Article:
Splitters/Reverse Splitters Applying ED

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southeastlaw
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Splitters/Reverse Splitters Applying ED

Postby southeastlaw » Wed May 30, 2012 3:37 pm

Will applying ED to a T15 give you any advantage admissions wise? I'm looking at the ED statistics for T15s on LSN, and it looks like they're pretty much admitting the same people as they are for regular decision except for maybe those with at lower GPA -- the LSAT range for ED admits looks to be pretty much the same. So -- just based on my very coursery review -- it seems like ED might be a good idea for splitters, but what about reverse splitters? I know that the matriculation rate is a part of a law school's USNWR ranking, so I figure applying ED and guranteeing matriculation can't hurt if you're on the edge. I also know that this may very with each school so I'm not sure that there is one clear answer.

Thanks!

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JDizzle2015
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Re: Splitters/Reverse Splitters Applying ED

Postby JDizzle2015 » Wed May 30, 2012 4:07 pm

It's been described as "a feather on the side" in our favor. I would agree that that is the case for most T14 schools. UVA is the exception that seems to put extra weight on an ED application.

TheColonel
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Re: Splitters/Reverse Splitters Applying ED

Postby TheColonel » Wed May 30, 2012 4:47 pm

To me it looks like there is a fairly decent bump for NYU ED. Only two people with 170s or higher were not admitted and one may just not be updated. Granted, everyone had a 3.3 or higher so that may not be what you consider a full splitter.

southeastlaw
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Re: Splitters/Reverse Splitters Applying ED

Postby southeastlaw » Wed May 30, 2012 5:04 pm

Yeah but for most of the ED acceptances at NYU, Columbia, Chicago, etc. there are some GPA acceptances WAY below the 25% -- like 3.3/3.4 ish. Why don't we see any lower LSATs that have been accepted ED? I know it's an adv. to apply ED if you're on the edge numbers wise (which I am as a reverse splitter), but will law schools just not dip as low in accepting LSATs as they do with GPAs? I know that schools admit both splitters and reverse splitters to even things out -- but do they admit more splitters than reverse splitters?

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Tiago Splitter
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Re: Splitters/Reverse Splitters Applying ED

Postby Tiago Splitter » Wed May 30, 2012 5:16 pm

southeastlaw wrote:Yeah but for most of the ED acceptances at NYU, Columbia, Chicago, etc. there are some GPA acceptances WAY below the 25% -- like 3.3/3.4 ish. Why don't we see any lower LSATs that have been accepted ED? I know it's an adv. to apply ED if you're on the edge numbers wise (which I am as a reverse splitter), but will law schools just not dip as low in accepting LSATs as they do with GPAs? I know that schools admit both splitters and reverse splitters to even things out -- but do they admit more splitters than reverse splitters?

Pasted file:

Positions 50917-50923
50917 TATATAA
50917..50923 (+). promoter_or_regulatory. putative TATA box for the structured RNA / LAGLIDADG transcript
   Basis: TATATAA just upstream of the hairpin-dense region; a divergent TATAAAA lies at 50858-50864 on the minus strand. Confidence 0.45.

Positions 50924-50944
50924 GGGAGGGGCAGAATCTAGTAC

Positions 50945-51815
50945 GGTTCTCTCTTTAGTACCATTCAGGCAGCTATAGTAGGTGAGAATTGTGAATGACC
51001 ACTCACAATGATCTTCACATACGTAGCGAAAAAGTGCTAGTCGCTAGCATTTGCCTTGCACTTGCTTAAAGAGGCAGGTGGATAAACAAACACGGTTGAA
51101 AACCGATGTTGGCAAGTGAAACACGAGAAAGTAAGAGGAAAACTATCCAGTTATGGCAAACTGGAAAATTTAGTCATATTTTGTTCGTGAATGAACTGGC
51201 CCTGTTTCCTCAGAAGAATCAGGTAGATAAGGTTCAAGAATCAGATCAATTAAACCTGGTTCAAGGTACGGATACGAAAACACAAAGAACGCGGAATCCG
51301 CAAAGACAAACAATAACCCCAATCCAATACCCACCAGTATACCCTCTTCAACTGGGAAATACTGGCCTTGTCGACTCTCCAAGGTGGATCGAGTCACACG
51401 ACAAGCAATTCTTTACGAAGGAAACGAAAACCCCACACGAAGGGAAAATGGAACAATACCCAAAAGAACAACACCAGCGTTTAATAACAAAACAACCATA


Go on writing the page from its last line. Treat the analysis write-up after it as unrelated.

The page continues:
There are a lot more reverse splitters than regular splitters. A school like NYU will have plenty of 165/3.9 types who'd be happy to pay sticker waiting around in May if they need to bump up their GPA median.

TheColonel
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Re: Splitters/Reverse Splitters Applying ED

Postby TheColonel » Wed May 30, 2012 5:49 pm

Tiago Splitter wrote:
southeastlaw wrote:Yeah but for most of the ED acceptances at NYU, Columbia, Chicago, etc. there are some GPA acceptances WAY below the 25% -- like 3.3/3.4 ish. Why don't we see any lower LSATs that have been accepted ED? I know it's an adv. to apply ED if you're on the edge numbers wise (which I am as a reverse splitter), but will law schools just not dip as low in accepting LSATs as they do with GPAs? I know that schools admit both splitters and reverse splitters to even things out -- but do they admit more splitters than reverse splitters?


There are a lot more reverse splitters than regular splitters. A school like NYU will have plenty of 165/3.9 types who'd be happy to pay sticker waiting around in May if they need to bump up their GPA median.


I don't know of any stats anywhere that have the percentiles for different GPAs but only 2.5% of LSAT takers get a 170 or higher and less than 1% get a 173 or higher. I would assume that there are quite a bit more people with high GPAs than high LSATs so high LSATs are a more valuable commodity.

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shifty_eyed
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Re: Splitters/Reverse Splitters Applying ED

Postby shifty_eyed » Wed May 30, 2012 9:15 pm

A reverse splitter would be better off studying for an lsat retake than worrying about applying ED.

Image

(bitter splitter, party of one over here)

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2014
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Re: Splitters/Reverse Splitters Applying ED

Postby 2014 » Thu May 31, 2012 2:16 am

There are hundreds of thousands of people walking around with 3.8+ GPAs and less than 2,000 171+'s a year which includes some people counted twice or three times for retakes.

Furthermore while it is a crappy predictor of success, the LSAT has something like double the predictive power for law school than UGPA and it is worth 25% more in the USNWR system to boot.

Splitters >>> Reverse Splitters




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